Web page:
Editor’s note: I Follow is all about ESPN employees on Twitter: what they tweet, whom they follow and how you can interact socially with anyone and everyone.
With the Discover BCS National Championship Game between No. 1 Notre Dame and No. 2 Alabama unfolding tonight in Miami (8:30 p.m. ET, ESPN, ESPN Deportes, ESPN Radio & ESPN 3D), ESPN college football insider Brad Edwards will be busy as always.
The network’s resident BCS expert joins Ryen Russillo and Trevor Matich for today’s special 2-1/2-hour edition of College GameDay on ESPN Radio at 4 p.m.
Front Row asked Alabama grad Edwards, who works for ESPN’s Statistics & Information Group, how he engages with fans on Twitter, what surprised him most this season and more.
Twitter handle: @JBradEdwards
*As of Jan. 7, 2013
In what ways has Twitter most affected your job?
I have a lot of good information that doesn’t have a place in my ESPN Insider articles. Twitter is ideal for sharing it with people who are interested in notes, stats and trends related to college football. It helps me get more of my info to the fans.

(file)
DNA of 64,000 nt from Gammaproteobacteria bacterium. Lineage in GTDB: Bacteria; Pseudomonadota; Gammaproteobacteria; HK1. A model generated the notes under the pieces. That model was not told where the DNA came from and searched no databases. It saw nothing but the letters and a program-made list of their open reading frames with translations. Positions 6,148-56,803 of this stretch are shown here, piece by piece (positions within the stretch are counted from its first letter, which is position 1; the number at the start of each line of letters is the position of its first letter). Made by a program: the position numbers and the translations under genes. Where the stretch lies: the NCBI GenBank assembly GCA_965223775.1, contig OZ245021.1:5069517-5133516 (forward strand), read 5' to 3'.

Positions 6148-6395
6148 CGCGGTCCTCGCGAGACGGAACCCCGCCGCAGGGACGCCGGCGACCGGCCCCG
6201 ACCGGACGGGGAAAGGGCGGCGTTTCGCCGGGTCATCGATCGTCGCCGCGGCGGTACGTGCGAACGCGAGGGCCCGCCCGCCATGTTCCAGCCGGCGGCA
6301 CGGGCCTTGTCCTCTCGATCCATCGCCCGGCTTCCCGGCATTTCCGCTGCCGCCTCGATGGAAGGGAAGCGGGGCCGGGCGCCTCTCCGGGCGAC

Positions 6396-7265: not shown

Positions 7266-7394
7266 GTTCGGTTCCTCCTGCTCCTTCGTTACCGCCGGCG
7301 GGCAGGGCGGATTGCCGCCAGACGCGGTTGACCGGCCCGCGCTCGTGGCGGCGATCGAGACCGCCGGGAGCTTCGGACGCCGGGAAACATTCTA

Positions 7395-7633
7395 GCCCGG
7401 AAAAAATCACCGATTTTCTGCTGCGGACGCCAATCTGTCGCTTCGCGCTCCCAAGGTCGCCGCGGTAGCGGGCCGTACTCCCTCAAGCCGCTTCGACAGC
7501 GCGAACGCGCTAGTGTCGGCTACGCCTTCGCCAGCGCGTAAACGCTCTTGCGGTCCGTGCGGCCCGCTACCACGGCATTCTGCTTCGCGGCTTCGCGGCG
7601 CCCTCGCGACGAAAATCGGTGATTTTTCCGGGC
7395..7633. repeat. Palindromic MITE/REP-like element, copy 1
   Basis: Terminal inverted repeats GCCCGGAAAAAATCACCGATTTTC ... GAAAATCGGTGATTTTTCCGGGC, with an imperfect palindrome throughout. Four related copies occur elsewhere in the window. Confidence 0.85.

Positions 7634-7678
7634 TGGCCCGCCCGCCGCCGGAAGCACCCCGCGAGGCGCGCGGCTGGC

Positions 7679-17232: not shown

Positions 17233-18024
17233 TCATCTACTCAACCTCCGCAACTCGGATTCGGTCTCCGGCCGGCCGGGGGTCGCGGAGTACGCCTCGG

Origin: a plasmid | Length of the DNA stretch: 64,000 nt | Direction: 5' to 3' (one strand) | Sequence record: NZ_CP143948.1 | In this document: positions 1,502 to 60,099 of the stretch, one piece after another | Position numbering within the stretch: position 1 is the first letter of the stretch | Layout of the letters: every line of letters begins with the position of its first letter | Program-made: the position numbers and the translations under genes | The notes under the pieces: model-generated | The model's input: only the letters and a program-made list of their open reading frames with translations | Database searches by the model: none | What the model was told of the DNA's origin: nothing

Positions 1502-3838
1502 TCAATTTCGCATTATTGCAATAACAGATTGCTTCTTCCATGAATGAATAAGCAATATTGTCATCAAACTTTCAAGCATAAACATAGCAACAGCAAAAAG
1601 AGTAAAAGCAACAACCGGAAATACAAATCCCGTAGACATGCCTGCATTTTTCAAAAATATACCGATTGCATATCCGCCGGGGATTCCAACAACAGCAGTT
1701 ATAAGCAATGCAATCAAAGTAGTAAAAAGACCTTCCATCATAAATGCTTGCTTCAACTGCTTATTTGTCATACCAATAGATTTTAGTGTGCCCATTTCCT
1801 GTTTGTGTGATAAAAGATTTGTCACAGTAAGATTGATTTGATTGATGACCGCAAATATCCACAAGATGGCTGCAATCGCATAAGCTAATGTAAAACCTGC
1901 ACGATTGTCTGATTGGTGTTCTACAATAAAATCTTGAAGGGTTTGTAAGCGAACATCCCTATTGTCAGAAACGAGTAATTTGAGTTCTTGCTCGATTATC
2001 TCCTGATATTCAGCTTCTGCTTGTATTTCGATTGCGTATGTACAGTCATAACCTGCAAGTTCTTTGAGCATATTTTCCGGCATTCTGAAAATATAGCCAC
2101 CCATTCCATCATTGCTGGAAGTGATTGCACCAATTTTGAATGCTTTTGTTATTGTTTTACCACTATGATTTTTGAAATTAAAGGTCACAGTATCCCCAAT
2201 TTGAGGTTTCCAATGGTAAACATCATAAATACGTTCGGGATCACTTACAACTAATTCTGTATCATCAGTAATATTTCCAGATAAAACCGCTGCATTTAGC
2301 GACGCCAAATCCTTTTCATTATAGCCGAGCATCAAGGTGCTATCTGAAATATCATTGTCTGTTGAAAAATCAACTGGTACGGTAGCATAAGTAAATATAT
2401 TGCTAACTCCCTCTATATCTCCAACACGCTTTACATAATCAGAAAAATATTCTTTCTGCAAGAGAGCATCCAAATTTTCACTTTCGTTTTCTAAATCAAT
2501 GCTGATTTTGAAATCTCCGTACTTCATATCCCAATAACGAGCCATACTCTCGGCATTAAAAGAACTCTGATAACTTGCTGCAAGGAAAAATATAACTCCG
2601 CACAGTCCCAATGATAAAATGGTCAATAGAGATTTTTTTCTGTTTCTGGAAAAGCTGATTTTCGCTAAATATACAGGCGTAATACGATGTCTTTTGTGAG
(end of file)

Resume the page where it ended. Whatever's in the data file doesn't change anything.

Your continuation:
What’s been your favorite Twitter interaction?
Nothing with a specific person. I enjoy interacting with emotional college football fans who aren’t capable of having rational discussions about their teams. Comments from delusional fans are generally entertaining to everyone. And I appreciate those people, because their love for sports is the reason ESPN exists.
How often do you and Rece Davis trade Crimson Tide glory days stories?
Our college days didn’t quite overlap, so when we do talk Alabama, it’s almost always about the current team. But as much as we love our school, when you cover the sport and get to know the coaches and players for many other teams, it’s hard to keep a strong allegiance to one.
You were an undergrad at Alabama when it won the 1992 national championship. How does that team compare to any of the great Crimson Tide squads under Nick Saban?
That team had an exceptional defense and just enough offense to win, but it wasn’t nearly as talented as the Alabama teams of the last four years. Very few opponents are physically capable of competing with Saban’s teams for four quarters, whereas that 1992 team made a lot of games interesting.
What was the most surprising development of the college football season?
Notre Dame, without a doubt. I wasn’t sure we’d ever see them play for the national championship again, and because of the previous 15 years, it took about half the season to accept that the Irish defense was legitimately good. Even then, most people still expected them to lose a couple of games.